For meat: Dombey’s has been in Market Row since a very long time. Purveyors of great customer service as well as fairly priced meat, they are very knowledgeable and always happy to give advice. A whole leg of lamb is between £8 and £12, and I recently bought a massive pork loin joint for under eight quid. Oh, and don’t miss the homemadesausages.
Open Tues-Saturday from about 7.30-5, except Wed when they close at 3pm

500g extra lean mince £2.50 vs Tesco lean steak mince £4.00 for 500g
A kilo of chicken breast £5.99 vs. £10.63 per kilo at Sainsburys

For fish: I’ve written about Brixton Village’s Dagon’s before and continue to harp on about it because it’s the best fishmonger I’ve ever been to. Like Dombey’s, Dagon’s in a longstanding Brixton fixture that deserves plenty of praise for great prices and friendly, helpful service. 
Open 8-5 Mon-Sat, early closing on Wed at around 2.30

Salmon £7.10 per kilo vs £16.67 per kilo at Sainsbury’s  

For deli-type things: A&C Continental Deli is right by the tube and open until about 7pm on weekdays, so it’s very convenient. A tiny shop, it crams in a huge range of Mediterranean goodies – like morcilla sausage, smoked pork belly and cannelloni tubes – that are hard to find even in a large supermarket. Check out their olives, cheeses, homemade pesto and hummus  and cold meats. Be warned though, their white fluffy bread is highly addictive.
Open 8-7 Mon-Sat, closed Sun

100g olives  70p–£1 vs £2.45 for 180g at Tesco

For wine:You will almost certainly be ripped off buying wine in an express supermarket, as this Guardian column explains.  Far better to pay a visit to Market Row wines and ask David, the owner, what you should drink with you dinner/pour down your throat to get shitfaced.  The shop’s selection is thoughtful and reasonably priced, and will make buying overpriced Jacobs Creek from Tesco Express seem ludicrous. There’s also wine available by the glass, which’ll make the rest of the shopping trip more interesting. Now that’s not an option at Sainbo’s Local….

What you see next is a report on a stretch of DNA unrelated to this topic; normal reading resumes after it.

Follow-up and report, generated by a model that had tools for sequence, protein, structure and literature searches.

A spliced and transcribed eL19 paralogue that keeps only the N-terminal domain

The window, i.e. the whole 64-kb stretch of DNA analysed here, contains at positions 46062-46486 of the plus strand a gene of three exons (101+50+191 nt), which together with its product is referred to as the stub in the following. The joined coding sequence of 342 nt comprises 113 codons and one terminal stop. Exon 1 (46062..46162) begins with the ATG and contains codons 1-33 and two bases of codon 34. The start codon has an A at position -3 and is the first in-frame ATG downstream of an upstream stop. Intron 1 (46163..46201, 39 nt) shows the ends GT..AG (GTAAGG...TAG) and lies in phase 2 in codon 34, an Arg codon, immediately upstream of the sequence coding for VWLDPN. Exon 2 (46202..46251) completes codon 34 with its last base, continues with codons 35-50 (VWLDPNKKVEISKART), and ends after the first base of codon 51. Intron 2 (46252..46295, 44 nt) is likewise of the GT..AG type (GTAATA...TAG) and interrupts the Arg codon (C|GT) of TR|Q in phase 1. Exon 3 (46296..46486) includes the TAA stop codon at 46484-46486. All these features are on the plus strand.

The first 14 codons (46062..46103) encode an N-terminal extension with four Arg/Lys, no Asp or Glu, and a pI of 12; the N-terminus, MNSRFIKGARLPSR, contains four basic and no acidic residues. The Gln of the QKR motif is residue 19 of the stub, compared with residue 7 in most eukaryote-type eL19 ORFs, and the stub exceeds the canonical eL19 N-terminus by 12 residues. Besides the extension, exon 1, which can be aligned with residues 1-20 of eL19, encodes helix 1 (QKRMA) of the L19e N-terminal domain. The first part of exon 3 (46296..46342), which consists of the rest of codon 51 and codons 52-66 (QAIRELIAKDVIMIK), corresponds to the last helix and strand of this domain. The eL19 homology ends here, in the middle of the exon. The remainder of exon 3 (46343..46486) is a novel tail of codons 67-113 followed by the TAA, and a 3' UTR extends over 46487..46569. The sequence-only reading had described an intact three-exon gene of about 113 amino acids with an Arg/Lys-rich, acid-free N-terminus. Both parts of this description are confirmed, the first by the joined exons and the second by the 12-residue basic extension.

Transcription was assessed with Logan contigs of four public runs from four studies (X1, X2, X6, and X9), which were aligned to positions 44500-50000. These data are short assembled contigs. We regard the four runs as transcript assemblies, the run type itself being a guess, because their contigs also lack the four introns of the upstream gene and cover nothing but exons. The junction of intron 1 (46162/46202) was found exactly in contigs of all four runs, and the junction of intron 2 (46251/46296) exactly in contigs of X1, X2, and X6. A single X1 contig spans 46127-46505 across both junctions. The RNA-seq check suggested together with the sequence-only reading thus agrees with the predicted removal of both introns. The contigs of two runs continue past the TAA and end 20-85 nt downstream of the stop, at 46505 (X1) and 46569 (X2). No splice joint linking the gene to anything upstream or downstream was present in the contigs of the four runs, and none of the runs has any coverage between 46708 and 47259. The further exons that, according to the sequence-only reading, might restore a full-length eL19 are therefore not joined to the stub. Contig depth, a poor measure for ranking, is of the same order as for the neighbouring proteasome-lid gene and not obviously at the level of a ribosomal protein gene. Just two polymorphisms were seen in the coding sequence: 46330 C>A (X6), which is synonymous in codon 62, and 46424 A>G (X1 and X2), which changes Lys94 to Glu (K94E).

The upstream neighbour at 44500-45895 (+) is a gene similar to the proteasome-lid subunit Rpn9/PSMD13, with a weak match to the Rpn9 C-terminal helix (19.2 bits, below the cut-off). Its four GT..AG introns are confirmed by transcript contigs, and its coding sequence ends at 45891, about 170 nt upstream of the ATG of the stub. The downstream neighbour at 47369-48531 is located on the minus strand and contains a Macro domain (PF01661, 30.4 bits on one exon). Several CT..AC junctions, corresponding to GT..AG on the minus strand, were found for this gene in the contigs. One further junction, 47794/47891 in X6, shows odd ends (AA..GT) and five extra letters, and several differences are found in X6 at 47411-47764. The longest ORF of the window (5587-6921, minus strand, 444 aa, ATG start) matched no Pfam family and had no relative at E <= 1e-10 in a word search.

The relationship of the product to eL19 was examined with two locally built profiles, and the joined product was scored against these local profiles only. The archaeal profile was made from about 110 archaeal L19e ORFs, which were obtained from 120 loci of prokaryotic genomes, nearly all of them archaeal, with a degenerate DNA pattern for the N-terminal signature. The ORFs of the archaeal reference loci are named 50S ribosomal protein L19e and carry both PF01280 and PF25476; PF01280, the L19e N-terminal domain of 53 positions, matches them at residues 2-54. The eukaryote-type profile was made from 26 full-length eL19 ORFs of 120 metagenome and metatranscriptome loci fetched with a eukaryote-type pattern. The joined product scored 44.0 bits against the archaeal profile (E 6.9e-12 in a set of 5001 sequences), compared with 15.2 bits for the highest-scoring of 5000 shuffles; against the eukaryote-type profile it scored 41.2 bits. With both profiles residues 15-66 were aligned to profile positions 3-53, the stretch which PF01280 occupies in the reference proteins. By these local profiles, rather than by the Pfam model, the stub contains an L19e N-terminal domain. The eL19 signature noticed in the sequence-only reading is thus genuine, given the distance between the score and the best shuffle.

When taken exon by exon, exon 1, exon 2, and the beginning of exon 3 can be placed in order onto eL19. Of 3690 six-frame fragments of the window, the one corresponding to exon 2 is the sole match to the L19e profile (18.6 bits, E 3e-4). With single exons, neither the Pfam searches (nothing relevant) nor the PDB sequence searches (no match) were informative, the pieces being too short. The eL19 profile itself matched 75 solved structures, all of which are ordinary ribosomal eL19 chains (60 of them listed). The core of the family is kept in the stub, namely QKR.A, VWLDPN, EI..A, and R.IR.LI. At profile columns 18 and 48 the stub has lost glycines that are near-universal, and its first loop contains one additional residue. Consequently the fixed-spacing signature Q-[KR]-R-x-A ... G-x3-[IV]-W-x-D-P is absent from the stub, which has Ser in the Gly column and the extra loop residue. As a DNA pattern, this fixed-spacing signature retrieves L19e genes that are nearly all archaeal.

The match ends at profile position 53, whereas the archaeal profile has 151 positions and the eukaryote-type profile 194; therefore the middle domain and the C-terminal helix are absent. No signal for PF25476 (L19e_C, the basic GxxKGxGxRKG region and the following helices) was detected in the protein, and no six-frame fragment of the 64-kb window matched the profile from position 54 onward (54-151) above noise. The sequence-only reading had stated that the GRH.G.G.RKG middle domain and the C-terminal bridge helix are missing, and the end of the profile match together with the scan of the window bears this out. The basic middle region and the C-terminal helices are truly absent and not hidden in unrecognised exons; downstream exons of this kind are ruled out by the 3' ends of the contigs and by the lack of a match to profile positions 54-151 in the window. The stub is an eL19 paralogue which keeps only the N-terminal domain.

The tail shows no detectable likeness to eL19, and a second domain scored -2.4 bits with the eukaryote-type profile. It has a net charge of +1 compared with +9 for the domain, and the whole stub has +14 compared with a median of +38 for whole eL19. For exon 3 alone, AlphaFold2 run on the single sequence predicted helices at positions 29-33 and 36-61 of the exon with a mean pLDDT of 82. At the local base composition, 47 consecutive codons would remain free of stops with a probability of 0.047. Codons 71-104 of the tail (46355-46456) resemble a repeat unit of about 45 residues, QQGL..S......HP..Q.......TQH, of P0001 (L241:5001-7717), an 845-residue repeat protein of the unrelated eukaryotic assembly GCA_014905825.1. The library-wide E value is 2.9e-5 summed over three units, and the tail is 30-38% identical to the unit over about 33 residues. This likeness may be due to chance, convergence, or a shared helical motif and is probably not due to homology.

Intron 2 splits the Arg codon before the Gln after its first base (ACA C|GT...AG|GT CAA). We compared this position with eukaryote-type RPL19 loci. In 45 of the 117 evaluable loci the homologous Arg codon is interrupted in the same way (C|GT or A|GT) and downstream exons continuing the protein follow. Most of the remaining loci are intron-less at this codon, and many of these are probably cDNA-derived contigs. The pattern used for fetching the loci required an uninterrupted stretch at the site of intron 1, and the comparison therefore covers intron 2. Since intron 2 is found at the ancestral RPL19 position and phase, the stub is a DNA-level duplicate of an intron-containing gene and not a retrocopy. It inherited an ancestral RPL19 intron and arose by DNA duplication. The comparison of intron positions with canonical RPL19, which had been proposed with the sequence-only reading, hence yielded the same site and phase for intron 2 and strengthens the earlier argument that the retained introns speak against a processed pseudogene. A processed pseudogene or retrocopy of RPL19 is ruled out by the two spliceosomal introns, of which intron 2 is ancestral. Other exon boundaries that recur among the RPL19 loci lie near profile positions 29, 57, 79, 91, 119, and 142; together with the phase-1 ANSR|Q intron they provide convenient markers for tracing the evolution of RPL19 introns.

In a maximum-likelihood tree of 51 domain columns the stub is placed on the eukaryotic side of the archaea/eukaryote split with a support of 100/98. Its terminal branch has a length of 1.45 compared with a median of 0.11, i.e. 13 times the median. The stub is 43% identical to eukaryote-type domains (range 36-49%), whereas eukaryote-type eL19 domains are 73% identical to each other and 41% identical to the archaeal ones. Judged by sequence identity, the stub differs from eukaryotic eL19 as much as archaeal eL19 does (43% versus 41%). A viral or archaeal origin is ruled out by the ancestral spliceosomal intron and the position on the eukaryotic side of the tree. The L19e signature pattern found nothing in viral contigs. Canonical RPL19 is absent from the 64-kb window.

Open  12–6 Tues and Wed; 12–9 Thurs, Fri, Sat; 10–4 Sun, closed Mon

2011 Spanish Tempranillo £6.50, 2011 Chilean Sauvignon Blanc £7.99
Or, from Tesco, how about a Jacob’s Creek Chardonnay for £7.49 or Hardy’s Cav Sav for £7.99. No? Ok.

Nour-Cash-and-Carry from the Brixton Blog

Cupboard stuff: The Brixton Blog have written often about the excellent Nour, to which it seems unnecessary to add. With entrances at the top and of Electric Avenue and in Market Row, it might be slightly tricky to find the first time, and thanks to the odd shape of the premises, not easy to get into, but it’s full-to-bursting of all sorts of hard to find ingredients. I mean, they’re pretty difficult to find in Nour too, but odds are anything you want is in there somewhere…
Open 7am to 7pm everyday

Can of chick peas 35p vs 79p at Tesco